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I have been trying to prove the quotient rule algebraically. As a reminder,$$(f/g)'(c)=\frac{g(c)f'(c)-f(c)g'(c)}{[g(c)]^2}$$The definition of a derivative that I want to use is the following:$$g'(c)=\lim_{x\to c}\frac{g(x)-g(c)}{x-c}.$$Since I could not get it directly, I tried to prove it the other way around:$$\frac{g(c)f'(c)-f(c)g'(c)}{[g(c)]^2}=\frac{g(c)\left[\frac{f(x)-f(c)}{x-c}\right]-f(c)\left[\frac{g(x)-g(c)}{x-c}\right]}{[g(c)]^2}=$$$$\frac{\frac{g(c)f(x)-g(c)f(c)}{x-c}+\frac{f(c)g(c)-f(c)g(x)}{x-c}}{[g(c)]^2}=\frac{\frac{g(c)f(x)-g(c)f(c)}{[g(c)]^2}+\frac{f(c)g(c)-f(c)g(x)}{[g(c)]^2}}{x-c}=$$$$\frac{\frac{g(c)f(x)}{[g(c)]^2}-\frac{g(c)f(c)}{[g(c)]^2}+\frac{f(c)g(c)}{[g(c)]^2}-\frac{f(c)g(x)}{[g(c)]^2}}{x-c}=\frac{\frac{f(x)}{g(c)}-\frac{f(c)}{g(c)}+\frac{f(c)}{g(c)}-\frac{f(c)g(x)}{[g(c)]^2}}{x-c}.$$However, look at those terms; they make no sense to me. Applying the second equation to the LHS of the first equation, you can expect to obtain$$\frac{\frac{f(x)}{g(x)}-\frac{f(c)}{g(c)}}{x-c},$$which is nowhere to be (implicitely) found in the last expression above. Am I doing something wrong? Thanks in advance.

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I don't much like that you are manipulating expressions when you should be trying to manipulate limits. You are taking what is the final result of a limit, and playing with it; it's going to be rather difficult to get from that to your original limit, just like you'll find it difficult to start with $2c$ and arrive at $\frac{x^2-c^2}{x-c}$. –  Arturo Magidin Feb 28 '12 at 5:19
    
You have to be a little more careful since when you substitute $f'(c)$ in the first line of your proof you are using $\frac{f(x)-f(c)}{x-c}$ when you should be using limits. –  Daniel Montealegre Feb 28 '12 at 5:24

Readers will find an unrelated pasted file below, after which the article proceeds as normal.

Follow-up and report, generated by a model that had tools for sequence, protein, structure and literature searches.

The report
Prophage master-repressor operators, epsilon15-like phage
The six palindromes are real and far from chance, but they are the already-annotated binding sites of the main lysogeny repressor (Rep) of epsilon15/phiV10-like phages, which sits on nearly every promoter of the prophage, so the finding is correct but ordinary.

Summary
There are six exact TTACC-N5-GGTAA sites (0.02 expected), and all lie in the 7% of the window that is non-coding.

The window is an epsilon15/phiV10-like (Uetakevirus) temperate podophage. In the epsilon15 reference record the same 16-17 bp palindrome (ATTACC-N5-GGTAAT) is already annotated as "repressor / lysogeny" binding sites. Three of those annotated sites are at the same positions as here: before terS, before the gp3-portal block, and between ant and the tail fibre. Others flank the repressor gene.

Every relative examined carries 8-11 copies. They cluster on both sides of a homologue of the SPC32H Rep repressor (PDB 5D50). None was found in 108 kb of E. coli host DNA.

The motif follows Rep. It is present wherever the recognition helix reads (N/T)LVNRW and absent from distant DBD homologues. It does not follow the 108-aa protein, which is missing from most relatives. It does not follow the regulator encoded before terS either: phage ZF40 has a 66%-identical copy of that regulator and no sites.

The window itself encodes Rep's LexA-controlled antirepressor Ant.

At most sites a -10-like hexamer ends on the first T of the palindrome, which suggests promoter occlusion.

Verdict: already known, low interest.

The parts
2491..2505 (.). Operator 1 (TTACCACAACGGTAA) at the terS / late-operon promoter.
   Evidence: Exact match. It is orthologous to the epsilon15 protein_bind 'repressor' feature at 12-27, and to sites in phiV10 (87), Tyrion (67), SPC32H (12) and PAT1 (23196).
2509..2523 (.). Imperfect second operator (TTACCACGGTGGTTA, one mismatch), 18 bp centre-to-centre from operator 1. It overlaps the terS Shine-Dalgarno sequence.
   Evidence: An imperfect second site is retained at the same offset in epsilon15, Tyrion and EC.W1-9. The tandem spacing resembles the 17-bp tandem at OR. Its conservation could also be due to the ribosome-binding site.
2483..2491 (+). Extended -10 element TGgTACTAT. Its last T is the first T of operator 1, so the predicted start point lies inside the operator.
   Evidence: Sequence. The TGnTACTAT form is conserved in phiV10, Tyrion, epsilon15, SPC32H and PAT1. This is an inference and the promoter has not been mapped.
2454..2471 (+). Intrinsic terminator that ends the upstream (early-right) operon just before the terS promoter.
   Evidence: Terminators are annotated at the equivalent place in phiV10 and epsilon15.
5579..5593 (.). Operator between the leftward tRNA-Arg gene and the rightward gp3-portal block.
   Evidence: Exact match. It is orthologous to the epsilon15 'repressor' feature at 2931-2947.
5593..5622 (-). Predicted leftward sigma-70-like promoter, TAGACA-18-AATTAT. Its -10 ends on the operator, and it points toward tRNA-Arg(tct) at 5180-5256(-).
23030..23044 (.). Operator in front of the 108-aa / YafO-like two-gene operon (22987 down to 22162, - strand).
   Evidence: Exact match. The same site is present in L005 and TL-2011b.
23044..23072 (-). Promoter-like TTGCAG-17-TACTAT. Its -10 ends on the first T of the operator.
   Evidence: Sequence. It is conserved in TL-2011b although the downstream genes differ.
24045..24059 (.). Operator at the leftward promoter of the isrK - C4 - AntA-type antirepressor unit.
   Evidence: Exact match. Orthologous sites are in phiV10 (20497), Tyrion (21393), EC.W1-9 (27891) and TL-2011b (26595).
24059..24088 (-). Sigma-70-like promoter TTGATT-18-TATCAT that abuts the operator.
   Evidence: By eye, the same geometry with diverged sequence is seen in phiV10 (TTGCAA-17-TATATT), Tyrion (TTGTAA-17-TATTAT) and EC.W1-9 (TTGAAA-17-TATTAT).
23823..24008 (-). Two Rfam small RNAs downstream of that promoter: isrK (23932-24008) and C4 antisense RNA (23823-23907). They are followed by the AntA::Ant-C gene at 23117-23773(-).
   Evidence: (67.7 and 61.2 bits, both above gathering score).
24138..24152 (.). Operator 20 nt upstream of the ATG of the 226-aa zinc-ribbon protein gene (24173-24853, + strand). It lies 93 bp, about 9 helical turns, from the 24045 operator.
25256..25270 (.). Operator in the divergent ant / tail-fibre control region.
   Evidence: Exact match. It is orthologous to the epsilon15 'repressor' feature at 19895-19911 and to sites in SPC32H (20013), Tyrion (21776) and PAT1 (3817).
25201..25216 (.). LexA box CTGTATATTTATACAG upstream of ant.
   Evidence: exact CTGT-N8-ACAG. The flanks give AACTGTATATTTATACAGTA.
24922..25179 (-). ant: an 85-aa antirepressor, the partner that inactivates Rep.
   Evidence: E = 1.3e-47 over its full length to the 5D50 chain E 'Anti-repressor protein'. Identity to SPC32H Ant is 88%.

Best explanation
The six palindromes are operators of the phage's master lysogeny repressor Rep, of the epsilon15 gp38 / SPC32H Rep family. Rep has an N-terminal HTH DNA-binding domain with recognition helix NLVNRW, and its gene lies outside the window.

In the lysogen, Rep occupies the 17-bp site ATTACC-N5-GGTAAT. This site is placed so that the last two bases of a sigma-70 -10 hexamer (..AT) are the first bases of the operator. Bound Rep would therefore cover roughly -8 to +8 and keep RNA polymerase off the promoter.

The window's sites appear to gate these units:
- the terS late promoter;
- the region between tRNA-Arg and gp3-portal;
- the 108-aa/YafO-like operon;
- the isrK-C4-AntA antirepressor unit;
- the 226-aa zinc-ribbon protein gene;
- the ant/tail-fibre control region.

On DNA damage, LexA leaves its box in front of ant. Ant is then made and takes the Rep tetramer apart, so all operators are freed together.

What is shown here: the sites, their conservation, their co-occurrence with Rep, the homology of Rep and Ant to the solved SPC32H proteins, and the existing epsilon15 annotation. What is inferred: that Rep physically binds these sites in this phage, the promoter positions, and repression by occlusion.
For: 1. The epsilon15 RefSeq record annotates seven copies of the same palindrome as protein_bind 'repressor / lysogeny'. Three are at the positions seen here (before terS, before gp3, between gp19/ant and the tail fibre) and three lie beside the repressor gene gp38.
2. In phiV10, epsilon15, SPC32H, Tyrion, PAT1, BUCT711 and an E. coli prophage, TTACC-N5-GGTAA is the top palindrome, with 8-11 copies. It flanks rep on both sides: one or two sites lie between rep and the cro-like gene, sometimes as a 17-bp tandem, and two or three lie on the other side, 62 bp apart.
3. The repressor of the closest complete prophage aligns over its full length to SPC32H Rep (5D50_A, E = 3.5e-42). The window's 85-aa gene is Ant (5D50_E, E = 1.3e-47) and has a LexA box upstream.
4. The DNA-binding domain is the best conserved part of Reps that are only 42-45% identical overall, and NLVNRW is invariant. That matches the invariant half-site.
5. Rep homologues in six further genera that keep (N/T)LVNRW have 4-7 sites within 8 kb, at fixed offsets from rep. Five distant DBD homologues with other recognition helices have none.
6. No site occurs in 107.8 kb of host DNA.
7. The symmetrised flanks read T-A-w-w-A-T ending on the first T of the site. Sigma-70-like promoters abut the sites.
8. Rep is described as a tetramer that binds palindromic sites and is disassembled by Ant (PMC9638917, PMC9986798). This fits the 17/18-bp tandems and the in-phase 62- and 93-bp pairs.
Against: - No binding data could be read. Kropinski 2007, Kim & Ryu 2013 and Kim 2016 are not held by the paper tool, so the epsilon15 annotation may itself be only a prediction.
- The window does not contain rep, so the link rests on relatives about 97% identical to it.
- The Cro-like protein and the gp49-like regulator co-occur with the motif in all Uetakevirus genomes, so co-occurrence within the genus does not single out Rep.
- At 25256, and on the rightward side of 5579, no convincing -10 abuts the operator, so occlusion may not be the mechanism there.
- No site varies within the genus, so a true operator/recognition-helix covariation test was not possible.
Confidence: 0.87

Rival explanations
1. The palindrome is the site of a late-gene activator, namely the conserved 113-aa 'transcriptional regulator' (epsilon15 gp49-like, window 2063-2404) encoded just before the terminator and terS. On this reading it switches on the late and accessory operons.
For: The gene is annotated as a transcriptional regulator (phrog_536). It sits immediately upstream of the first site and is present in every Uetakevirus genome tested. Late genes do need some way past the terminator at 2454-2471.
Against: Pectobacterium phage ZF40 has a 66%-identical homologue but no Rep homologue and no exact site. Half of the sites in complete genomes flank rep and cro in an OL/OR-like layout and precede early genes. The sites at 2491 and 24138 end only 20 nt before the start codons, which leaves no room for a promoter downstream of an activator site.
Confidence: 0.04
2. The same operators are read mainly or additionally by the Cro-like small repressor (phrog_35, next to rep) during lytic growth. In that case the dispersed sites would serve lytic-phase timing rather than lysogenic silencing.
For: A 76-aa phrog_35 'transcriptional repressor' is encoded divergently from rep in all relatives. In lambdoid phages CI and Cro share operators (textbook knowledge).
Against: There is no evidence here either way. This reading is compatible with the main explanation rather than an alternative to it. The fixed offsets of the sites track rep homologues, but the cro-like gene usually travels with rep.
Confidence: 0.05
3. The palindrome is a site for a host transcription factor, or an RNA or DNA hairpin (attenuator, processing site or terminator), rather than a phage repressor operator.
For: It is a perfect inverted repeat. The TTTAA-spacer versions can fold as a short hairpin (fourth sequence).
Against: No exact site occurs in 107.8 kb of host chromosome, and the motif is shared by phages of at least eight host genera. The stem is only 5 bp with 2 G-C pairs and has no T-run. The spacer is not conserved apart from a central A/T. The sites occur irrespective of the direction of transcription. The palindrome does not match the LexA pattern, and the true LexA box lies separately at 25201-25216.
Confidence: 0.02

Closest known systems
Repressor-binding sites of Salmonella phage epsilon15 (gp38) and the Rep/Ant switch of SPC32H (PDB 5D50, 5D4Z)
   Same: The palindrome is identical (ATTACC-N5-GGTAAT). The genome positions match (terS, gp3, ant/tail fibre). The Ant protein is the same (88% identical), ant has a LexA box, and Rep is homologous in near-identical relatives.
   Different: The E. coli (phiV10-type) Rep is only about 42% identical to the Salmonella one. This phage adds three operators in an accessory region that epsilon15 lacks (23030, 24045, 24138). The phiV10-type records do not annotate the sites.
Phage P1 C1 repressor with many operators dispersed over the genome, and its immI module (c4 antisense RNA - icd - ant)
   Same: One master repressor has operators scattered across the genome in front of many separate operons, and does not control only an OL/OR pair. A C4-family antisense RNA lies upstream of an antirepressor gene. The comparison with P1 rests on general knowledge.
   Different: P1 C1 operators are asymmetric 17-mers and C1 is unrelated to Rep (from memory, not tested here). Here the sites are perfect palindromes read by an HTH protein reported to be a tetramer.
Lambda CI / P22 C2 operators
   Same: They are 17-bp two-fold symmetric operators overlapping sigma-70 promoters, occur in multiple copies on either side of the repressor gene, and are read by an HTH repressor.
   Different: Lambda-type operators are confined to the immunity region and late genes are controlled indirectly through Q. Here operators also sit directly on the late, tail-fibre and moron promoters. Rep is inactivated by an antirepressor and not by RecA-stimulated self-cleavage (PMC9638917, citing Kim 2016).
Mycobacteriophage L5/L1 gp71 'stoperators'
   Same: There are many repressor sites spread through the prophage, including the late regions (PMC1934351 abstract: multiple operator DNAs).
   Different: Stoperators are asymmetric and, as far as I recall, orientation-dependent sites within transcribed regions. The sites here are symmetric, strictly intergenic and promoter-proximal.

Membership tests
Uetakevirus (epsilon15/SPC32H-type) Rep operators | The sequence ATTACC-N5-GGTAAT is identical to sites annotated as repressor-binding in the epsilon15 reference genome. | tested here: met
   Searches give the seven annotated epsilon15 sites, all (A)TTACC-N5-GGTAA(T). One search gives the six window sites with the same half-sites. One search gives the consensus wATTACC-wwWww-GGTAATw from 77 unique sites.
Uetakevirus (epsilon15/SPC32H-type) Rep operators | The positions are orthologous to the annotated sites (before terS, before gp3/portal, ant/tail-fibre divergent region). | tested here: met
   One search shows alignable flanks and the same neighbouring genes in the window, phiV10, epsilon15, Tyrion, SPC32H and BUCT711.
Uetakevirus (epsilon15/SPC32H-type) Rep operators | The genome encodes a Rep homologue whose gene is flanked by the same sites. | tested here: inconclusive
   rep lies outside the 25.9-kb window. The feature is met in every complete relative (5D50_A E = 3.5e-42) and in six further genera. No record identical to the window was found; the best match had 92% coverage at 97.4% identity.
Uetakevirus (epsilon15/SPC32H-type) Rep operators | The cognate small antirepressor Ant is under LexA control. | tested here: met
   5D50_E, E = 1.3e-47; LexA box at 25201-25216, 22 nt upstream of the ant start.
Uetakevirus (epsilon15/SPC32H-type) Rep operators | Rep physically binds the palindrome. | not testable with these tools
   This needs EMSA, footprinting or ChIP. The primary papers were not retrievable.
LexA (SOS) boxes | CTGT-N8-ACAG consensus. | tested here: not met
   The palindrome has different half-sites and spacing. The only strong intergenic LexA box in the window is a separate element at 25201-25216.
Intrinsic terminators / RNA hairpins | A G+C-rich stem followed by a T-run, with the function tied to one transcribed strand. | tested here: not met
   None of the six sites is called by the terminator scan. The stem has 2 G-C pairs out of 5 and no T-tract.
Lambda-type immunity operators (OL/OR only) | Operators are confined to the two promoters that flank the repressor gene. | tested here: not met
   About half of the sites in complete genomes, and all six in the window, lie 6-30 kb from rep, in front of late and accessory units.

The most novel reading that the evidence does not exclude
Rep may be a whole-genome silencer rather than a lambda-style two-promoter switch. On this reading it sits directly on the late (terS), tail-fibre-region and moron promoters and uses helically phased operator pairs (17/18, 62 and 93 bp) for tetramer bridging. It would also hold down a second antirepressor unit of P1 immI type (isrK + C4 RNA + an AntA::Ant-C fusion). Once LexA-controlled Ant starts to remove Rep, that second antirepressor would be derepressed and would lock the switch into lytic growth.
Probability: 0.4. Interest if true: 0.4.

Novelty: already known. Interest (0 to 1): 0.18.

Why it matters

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up vote 3 down vote accepted

Work with the limits! You cannot hope to transform $\frac{f'(c)g(c) - f(c)g'(c)}{[g'(c)]^2}$ into $\frac{\frac{f}{g}(x) - \frac{f}{g}(c)}{x-c}$ by simple algebraic manipulations, and if you substitute expressions without using limits, then you aren't respecting equalities. This is a simple case of using the limit directly and following your nose (with the experience of having seen how the product rule is proven, namely by using a "stepping stone" to go from $f(x)g(x)-f(c)g(c)$ to $f(x)g(x) - f(c)g(x) + f(c)g(x) - f(c)g(c)$).

The reason you run into trouble with your attempt is, as you will see below, that in the derivation of the quotient rule there is a crucial step when a limit of $g(x)$ needs to be evaluated; you don't see it in your attempted manipulation and is the source of that extra $g(c)$ and missing $g(x)$. The problem is that, since you have no limits, there is absolutely no warrant for replacing a $g(c)$ with a $g(x)$. (In fact, there was no warrant for your replacement of the derivatives with the difference quotients!)

$$\begin{align*} \lim_{x\to c}\frac{(\frac{f}{g})(x) - (\frac{f}{g})(c)}{x-c} &= \lim_{x\to c}\frac{\frac{f(x)}{g(x)} - \frac{f(c)}{g(c)}}{x-c}\\ &= \lim_{x\to c}\frac{\quad\frac{f(x)g(c) - f(c)g(x)}{g(x)g(c)}\quad}{x-c}\\ &= \lim_{x\to c}\frac{f(x)g(c)-f(c)g(x)}{(x-c)g(x)g(c)}\\ &= \lim_{x\to c}\frac{f(x)g(c) - f(c)g(c) + f(c)g(c) - f(c)g(x)}{(x-c)g(x)g(c)}\\ &= \lim_{x\to c}\left(\left(\frac{f(x)-f(c)}{x-c}\right)\frac{g(c)}{g(x)g(c)} - \frac{f(c)}{g(x)g(c)}\left(\frac{g(x)-g(c)}{x-c}\right)\right)\\ &= \left(\lim_{x\to c}\frac{f(x)-f(c)}{x-c}\right)\left(\lim_{x\to c}\frac{1}{g(x)}\right)\\&\qquad\quad - \left(\lim_{x\to c}\frac{f(c)}{g(x)g(c)}\right)\left(\lim_{x\to c}\frac{g(x)-g(c)}{x-c}\right)\\ &= f'(c)\left(\frac{1}{g(c)}\right) - \left(\frac{f(c)}{[g(c)]^2}\right)g'(c)\\ &= \frac{f'(c)g(c) - f(c)g'(c)}{[g(c)]^2}. \end{align*}$$ We've used that $g(c)\neq 0$, and that $f$ and $g$ are differentiable at $c$ (so in particular that $g$ is continuous at $c$).

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You are completely right. For some reason, I totally forgot that there could be some potential limit evaluations amid the entire process; I simply treated the whole thing as an algebraic expression, hoped to "chunk" the limit in right at the end and see if it worked. Your post changed my whole perspective on the entire process and it was clear enough for me to understand it in its entirety. Thank you so much! +1 –  Josué Molina Feb 28 '12 at 5:38
    
This argument also uses the fact that differentiable functions are continuous. –  Michael Hardy Feb 28 '12 at 5:41
    
@Michael: As I believe I noted in the parenthetical comment at the end... –  Arturo Magidin Feb 28 '12 at 5:45
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